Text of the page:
Note that if we use the value 300 m/mHz (the speed of light), we can quickly calculate the physical length of a full-wave antenna in meters by recognizing that frequency and wavelength are inversely proportional.

Antenna Characteristics

This antenna, even at one full wavelength, is an easy structure to erect.

A half-wave dipole (Figure 9-6a) is like the elementary doublet (Figure 9-3), but somewhat flattened. The slight flattening of the pattern is due to the reinforcement at right angles to the dipole (called a figure eight pattern).

When the length of the antenna is one complete wavelength, the polarity of the current in one-half of the antenna is opposite to that on the other half (Figure 9-6b). As a result of these out-of-phase currents, the radiation at right angles from this antenna will be zero. The field radiated by one-half of the antenna alters the field radiated by the other half. A direction of maximum radiation still exists, but it is no longer at right angles to the antenna. For a full-wave dipole, maximum radiation will be at 54° to the antenna. This process has now generated extra lobes. There are four in this situation.

As the length of the dipole is increased to three half wavelengths, the current distribution is changed to that of Figure 9-6c. The radiation from one end of the antenna adds to that from the other, at right angles, but both are partially canceled by the radiation from the center, which carries a current of opposite polarity. There is radiation at right angles to the antenna, but it is not reinforced; therefore lobes in this direction are minor lobes. The direction of maximum radiation, or of major lobes, is closer to the direction or axis of the dipole itself, as shown in Figure 9-6d.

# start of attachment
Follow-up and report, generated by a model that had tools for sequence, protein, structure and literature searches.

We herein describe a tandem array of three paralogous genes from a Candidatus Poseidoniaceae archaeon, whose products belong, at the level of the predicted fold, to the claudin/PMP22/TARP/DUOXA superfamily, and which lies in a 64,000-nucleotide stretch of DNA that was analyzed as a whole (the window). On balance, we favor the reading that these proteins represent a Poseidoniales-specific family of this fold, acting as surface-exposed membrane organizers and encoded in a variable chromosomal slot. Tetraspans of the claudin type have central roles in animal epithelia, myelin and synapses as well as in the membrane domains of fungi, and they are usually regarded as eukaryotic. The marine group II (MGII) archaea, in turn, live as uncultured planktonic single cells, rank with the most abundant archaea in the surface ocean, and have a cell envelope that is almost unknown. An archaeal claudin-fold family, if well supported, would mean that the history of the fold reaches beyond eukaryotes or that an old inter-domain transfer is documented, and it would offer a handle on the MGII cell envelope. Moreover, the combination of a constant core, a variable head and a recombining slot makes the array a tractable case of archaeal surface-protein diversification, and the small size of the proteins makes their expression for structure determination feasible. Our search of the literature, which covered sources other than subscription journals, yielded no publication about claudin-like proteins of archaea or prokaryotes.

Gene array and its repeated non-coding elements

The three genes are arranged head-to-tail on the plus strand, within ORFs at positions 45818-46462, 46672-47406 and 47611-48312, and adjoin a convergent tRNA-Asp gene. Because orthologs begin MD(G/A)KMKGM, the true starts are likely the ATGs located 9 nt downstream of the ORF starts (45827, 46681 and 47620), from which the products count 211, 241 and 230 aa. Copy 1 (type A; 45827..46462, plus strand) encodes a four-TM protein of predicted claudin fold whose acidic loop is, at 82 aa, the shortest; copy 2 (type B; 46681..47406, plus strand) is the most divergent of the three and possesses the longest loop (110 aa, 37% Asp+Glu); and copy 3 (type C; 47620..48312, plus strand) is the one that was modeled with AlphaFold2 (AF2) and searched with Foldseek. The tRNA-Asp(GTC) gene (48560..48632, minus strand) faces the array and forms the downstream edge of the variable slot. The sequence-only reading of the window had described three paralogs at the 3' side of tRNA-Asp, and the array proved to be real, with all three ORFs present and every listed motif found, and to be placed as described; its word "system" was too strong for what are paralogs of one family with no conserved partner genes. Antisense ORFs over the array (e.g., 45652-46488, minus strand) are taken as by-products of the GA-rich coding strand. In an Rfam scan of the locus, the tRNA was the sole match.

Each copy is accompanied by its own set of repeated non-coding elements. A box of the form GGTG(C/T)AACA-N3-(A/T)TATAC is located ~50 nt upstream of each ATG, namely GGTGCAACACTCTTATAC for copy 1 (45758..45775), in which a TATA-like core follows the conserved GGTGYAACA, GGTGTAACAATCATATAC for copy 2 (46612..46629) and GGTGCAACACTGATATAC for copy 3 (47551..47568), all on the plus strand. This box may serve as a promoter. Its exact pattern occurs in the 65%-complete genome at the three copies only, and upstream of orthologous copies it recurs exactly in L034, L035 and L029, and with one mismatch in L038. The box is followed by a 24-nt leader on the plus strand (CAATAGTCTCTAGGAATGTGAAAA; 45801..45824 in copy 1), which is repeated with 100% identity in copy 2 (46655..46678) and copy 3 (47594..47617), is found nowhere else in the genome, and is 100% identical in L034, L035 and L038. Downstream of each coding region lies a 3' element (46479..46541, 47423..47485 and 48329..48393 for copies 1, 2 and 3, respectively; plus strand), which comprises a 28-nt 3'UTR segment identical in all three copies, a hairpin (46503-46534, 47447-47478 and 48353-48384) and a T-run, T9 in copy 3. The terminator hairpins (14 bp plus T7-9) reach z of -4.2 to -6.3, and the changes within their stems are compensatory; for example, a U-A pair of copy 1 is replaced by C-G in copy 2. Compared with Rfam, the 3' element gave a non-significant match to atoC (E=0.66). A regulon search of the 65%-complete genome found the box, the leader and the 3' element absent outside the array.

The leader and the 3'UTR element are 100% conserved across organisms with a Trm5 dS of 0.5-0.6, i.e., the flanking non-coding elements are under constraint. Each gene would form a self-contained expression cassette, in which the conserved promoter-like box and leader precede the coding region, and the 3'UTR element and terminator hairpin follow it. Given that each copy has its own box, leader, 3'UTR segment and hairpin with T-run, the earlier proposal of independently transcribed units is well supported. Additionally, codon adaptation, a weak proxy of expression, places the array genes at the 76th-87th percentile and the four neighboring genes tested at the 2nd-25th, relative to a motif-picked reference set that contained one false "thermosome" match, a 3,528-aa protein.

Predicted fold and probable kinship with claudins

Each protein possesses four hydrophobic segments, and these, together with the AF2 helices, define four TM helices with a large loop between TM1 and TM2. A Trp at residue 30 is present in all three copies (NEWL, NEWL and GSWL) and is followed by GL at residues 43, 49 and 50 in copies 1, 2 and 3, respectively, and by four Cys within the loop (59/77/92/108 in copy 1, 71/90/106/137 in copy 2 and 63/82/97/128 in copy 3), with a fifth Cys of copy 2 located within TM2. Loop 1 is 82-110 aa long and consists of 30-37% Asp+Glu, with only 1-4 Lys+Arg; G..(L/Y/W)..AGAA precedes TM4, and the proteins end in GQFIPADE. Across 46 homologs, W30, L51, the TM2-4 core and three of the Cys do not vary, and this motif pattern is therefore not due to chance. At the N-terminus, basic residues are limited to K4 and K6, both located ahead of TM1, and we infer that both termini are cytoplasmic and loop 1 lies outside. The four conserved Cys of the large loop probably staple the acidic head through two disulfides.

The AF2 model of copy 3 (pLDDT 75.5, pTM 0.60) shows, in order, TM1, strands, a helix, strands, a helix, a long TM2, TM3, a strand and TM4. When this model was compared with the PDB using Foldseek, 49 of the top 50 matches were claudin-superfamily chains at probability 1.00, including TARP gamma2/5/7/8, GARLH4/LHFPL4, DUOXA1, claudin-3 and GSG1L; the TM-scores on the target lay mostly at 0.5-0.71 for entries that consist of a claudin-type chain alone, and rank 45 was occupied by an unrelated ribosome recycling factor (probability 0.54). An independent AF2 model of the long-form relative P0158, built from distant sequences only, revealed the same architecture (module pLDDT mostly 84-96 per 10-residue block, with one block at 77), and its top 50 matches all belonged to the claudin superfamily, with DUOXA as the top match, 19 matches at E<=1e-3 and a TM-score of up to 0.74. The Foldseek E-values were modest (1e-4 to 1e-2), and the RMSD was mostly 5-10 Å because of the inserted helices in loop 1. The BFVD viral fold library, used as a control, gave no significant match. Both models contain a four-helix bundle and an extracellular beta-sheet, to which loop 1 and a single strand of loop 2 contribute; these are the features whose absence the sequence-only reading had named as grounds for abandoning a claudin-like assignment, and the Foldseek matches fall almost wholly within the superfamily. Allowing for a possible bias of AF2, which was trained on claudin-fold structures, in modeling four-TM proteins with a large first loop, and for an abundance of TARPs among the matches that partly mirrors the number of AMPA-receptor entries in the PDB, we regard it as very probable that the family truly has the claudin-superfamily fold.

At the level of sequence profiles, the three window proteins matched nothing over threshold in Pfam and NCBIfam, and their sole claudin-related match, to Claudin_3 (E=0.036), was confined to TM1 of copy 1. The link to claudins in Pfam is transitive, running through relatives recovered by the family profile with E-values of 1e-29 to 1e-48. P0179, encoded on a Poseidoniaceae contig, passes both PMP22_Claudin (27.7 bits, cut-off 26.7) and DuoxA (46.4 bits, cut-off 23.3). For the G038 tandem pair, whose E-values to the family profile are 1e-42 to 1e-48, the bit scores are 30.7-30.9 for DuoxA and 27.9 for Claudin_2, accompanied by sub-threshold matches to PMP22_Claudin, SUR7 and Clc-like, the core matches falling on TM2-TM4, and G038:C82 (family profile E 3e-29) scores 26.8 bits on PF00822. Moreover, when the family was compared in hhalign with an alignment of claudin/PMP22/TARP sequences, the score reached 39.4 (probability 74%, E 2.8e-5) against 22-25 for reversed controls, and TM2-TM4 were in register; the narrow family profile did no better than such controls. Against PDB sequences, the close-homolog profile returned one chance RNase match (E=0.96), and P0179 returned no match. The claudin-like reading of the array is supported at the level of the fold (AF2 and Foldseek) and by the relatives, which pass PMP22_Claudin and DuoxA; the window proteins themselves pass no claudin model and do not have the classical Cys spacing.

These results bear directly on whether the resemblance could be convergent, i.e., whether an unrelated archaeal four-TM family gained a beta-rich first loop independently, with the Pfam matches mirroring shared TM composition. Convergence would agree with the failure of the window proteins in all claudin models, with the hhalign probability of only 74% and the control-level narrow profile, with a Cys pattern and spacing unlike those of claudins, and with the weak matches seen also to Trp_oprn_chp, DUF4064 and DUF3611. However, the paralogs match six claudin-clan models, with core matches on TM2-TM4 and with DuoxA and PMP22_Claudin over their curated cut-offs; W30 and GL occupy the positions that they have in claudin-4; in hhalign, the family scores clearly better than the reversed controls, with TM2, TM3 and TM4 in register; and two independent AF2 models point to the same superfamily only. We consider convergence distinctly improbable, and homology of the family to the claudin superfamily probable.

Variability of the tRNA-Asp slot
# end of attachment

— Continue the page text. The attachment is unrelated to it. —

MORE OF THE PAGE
As we continue increasing the length, we increase the number of lobes, and the direction of the major lobes is brought closer or more aligned in the direction of the dipole. By looking closely at the patterns emerging, we can see that there are just as many radiation lobes on one side of the dipole as there are current lobes of both polarities. The 1 1/2 (3/2 λ) wavelength has three radiation lobes on each side, and a 3-λ antenna has six (Figure 9-6d).

Nonresonant Antennas (Directional Antennas):

A nonresonant antenna, like a properly terminated transmission line, produces no standing waves. They are suppressed by the use of a correct termination resistor and no power is reflected, ensuring that only forwarding traveling waves will exist. In a correctly matched transmission line, all the transmitted power is dissipated in the terminating resistance. When an antenna is terminated as in Figure 9-7a, about two-thirds of the forward power is radiated; the remainder is dissipated in the Antenna Characteristics.

Antenna Characteristics
As seen in Figure 9-7, the radiation patterns of the resonant antenna and a nonresonant one are similar except for one major difference. The nonresonant antenna is unidirectional. Standing waves exist on the resonant antenna, caused by the presence of both a reflected traveling wave and the forward traveling incident wave. The radiation pattern of the resonant antenna consists of two parts, as shown in Figure 9-8a and b, due to the forward and reflected waves. When these two processes are combined, the results are as shown in Figure 9-8c, and the familiar bidirectional pattern results.